For your Narrative Argument, write about a time when you changed your mind in a significant way. Think about Elwood Reid?s change of heart around football and Sedaris?s stint as a French student. These experiences, either in the long or short run, altered their lives enough that they felt compelled to write the stories down. Your essay can follow Reid?s model, telling the story of an experience that changed you radically, or you can look to Sedaris and describe a time when, however briefly, you saw something differently than you?d seen it before.

In addition to the narrative techniques that we?ll be discussing in class, this assignment will require you to draw on the skills you?ve built in your previous essays. Your Narrative Argument should include:

A close reading of your own experience: tell us the story, with DETAILS, but also tell us what it means, either implicitly or explicitly.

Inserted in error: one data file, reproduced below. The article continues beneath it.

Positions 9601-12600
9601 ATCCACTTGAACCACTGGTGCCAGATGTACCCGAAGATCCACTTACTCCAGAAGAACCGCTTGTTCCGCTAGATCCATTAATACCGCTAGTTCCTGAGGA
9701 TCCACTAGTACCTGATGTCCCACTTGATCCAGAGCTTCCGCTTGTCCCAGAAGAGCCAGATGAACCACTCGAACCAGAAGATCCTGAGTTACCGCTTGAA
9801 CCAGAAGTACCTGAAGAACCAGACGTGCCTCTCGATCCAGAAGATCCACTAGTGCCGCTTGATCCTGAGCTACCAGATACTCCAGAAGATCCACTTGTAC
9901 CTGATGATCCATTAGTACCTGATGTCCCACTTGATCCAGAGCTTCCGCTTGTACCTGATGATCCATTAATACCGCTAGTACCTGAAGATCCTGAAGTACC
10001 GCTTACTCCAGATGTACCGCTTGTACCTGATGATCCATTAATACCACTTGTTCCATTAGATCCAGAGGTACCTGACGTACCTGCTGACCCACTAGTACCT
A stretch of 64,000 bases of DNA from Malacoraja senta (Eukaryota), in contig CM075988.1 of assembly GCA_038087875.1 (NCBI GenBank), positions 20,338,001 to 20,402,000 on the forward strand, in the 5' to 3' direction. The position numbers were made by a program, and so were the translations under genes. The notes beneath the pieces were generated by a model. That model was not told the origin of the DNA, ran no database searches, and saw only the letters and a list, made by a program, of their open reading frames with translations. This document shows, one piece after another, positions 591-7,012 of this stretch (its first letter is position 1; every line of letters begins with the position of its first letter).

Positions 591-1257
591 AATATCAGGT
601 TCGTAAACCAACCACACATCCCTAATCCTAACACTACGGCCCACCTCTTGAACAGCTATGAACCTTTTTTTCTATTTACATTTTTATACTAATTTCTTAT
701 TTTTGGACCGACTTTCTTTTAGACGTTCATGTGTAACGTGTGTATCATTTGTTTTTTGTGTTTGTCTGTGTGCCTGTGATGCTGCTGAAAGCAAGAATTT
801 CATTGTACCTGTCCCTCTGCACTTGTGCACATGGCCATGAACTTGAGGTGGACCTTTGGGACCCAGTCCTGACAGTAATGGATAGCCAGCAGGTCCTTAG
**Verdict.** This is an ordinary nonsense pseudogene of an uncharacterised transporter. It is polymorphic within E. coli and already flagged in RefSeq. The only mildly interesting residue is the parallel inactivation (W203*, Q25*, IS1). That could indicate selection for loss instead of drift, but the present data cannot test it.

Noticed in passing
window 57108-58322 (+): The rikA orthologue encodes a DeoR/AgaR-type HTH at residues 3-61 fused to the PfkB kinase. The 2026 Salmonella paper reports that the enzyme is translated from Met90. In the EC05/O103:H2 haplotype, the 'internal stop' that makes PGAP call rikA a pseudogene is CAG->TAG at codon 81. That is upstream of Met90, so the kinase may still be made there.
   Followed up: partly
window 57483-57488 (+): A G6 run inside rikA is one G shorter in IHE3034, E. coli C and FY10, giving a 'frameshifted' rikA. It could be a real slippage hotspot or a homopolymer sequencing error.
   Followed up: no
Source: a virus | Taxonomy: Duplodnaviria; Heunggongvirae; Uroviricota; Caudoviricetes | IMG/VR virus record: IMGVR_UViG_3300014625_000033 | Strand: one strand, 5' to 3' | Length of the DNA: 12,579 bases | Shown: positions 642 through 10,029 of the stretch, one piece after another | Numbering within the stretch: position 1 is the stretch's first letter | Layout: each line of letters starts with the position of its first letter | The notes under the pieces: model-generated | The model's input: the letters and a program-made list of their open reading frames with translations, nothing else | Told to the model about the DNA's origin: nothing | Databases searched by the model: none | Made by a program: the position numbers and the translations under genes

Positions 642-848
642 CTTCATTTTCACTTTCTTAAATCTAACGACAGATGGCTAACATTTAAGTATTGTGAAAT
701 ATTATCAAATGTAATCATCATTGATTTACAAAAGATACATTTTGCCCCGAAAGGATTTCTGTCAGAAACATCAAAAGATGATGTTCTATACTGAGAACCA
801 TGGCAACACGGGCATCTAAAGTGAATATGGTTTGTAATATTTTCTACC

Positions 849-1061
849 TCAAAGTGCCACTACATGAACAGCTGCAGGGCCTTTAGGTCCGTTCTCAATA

Counter-arguments: address the way you thought and felt before your change of heart.
Storytelling: narrative arc, vivid description, your ?character? faces a conflict and as a result changes in some way.
Purpose: why are you writing this essay (besides the fact that I assigned it)? Do you want to persuade your reader to agree with you? Do you want to illustrate that allowing yourself to change your mind is important?
Evidence: largely anecdotal, but feel free to include other kinds of evidence
Rhetorical Appeals: Pathos, certainly, but also consider ethos and logos.
Audience: who are you writing to? Me? Your classmates? The academic community? Your grandmother? Knowing who you?re writing to and why will help you organize your argumentative strategy and calibrate your tone.
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